A further test whether stellar mass or μ is the more defining factor in determining the metallicity gradient was inspired by Fig. 5 from Belfiore et al. (2017b) but the results are inconclusive. The yellow symbols and lines in Figs. 6 and 7 show the expected gradients. For the relation between μ and metallicity gradient, we calculate the average stellar mass in each bin of μ and then extrapolate between the nearest M bins to get the expected metallicity gradient and vice versa. As the expected average metallicity gradients match with the measured average metallicity gradients, this test does not provide additional insights.

The third global property that we are considering here is the H I gas mass fraction. The strongest correlations are measured between gradients in units of dex . While correlation coefficients for gradients with normalising radii reff are at least 3σ different from zero, we find that gradients with normalising radii r90, R25 and in units of dex kpc−1 are only 2 to 3σ different from zero. Once moving from gradients measured on the entire radial metallicity profiles to gradients measured without the central 0.5 reff, r, we find a similar behaviour as observed for the correlations between stellar mass and metallicity gradients: the scatter of the individual gradients increases, correlations of binned values either flatten or their scatter increases as well.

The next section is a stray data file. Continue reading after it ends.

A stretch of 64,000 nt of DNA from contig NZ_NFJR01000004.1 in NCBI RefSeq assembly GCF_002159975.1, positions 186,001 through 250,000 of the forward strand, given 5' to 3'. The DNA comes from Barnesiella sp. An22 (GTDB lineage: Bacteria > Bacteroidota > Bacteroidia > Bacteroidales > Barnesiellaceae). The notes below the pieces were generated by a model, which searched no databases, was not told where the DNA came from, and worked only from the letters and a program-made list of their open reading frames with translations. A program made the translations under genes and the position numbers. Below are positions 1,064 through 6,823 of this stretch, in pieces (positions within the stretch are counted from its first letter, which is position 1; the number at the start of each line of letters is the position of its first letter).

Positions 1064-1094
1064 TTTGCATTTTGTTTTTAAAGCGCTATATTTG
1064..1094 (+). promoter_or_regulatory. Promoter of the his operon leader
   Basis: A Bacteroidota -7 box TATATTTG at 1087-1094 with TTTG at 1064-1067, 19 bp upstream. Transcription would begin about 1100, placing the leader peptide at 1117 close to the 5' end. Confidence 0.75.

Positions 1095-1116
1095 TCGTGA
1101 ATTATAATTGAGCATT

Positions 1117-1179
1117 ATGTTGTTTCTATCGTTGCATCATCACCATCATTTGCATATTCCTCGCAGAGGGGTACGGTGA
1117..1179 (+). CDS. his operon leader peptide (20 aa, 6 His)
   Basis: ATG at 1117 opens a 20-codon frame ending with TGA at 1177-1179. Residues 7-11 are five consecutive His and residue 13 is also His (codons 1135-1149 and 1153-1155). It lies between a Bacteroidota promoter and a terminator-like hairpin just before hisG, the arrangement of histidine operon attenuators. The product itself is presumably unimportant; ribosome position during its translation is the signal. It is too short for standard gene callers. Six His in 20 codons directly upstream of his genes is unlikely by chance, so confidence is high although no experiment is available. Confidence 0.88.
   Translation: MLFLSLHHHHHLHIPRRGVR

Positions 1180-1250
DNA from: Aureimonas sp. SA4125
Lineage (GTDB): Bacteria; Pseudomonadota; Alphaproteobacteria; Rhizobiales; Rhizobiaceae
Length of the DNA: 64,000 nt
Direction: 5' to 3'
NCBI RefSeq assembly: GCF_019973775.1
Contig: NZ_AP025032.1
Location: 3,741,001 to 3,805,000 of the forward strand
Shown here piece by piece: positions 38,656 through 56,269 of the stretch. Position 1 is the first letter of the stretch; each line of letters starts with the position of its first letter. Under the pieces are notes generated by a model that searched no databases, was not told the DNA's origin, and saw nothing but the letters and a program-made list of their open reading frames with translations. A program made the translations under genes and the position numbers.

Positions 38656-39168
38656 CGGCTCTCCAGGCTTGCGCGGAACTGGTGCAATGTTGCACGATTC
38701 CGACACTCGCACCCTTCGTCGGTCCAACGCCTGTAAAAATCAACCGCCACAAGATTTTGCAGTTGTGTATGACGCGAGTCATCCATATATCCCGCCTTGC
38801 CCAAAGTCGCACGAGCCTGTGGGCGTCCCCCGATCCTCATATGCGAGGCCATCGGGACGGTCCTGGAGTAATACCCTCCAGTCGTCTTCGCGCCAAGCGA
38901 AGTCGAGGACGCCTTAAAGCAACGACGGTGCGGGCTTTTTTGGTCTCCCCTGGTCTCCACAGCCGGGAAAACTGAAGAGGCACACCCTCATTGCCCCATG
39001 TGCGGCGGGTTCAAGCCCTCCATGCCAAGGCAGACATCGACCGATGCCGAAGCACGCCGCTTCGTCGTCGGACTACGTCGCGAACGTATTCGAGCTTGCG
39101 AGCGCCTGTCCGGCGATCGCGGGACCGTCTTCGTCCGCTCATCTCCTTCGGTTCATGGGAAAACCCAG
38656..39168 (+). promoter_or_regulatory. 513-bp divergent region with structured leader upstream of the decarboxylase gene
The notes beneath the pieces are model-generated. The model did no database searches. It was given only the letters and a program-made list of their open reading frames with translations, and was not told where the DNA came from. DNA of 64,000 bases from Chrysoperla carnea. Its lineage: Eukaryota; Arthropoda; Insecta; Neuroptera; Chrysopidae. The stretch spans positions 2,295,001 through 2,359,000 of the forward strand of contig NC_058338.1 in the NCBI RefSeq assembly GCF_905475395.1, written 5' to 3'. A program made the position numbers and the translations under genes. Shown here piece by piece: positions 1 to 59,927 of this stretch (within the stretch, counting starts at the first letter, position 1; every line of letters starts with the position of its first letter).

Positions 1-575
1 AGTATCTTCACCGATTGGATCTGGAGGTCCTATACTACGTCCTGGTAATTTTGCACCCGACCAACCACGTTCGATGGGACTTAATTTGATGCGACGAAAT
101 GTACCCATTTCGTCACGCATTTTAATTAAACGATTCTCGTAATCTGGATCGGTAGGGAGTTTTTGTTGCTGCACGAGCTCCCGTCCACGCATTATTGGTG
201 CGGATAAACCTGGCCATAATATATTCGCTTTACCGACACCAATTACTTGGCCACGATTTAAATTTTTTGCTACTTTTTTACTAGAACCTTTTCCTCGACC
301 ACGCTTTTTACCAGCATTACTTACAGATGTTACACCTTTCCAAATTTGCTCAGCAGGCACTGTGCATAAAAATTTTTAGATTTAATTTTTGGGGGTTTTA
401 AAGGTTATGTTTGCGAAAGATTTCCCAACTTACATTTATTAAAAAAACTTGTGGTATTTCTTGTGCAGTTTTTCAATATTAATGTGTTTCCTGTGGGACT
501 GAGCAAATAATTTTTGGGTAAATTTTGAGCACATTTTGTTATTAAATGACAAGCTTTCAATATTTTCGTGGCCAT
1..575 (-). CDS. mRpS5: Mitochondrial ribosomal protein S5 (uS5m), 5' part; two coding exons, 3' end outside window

The sample selection and the resulting distribution of global galaxy properties can also affect correlations between metallicity gradients and global galaxy properties. As can be seen, in Fig. 2, for example the stellar mass range 9.0 ≤ log M[M] ≤ 10.0, is more sparsely sampled. Hence, individual extreme and low-mass galaxies might significantly drive correlations. To show that this is not the case, we show the individual metallicity gradients in Figs. 6 and 7 as small grey symbols.

4.3. Comparison to MaNGA

As indicated in the introduction, the rise of large IFU surveys has provided large samples of local star-forming galaxies for which a metallicity gradient can be measured. In Fig. 8, the results of this paper are compared to data from MaNGA.

thumbnail Fig. 8.

Comparison with MaNGA: all panels show the metallicity gradient as a function of global properties: log μ, log M, and log fHI (from left to right). Trimmed mean gradients agree with median gradients within the standard deviation (error bars), thus we only show the median gradients. Grey, open squares in the background show individual MaNGA metallicity gradients and green, filled squares show MaNGA median gradients. Grey, open circles in the background, and teal filled circles show the data from this work for the case that metallicity gradients were measured from profiles without radial data points inside of 0.5 reff. The bins within which median gradients were measured, were set to be equidistant in order to mitigate any effects of different distributions of the global properties. We note that we use the M13 O3N2 calibration in this figure.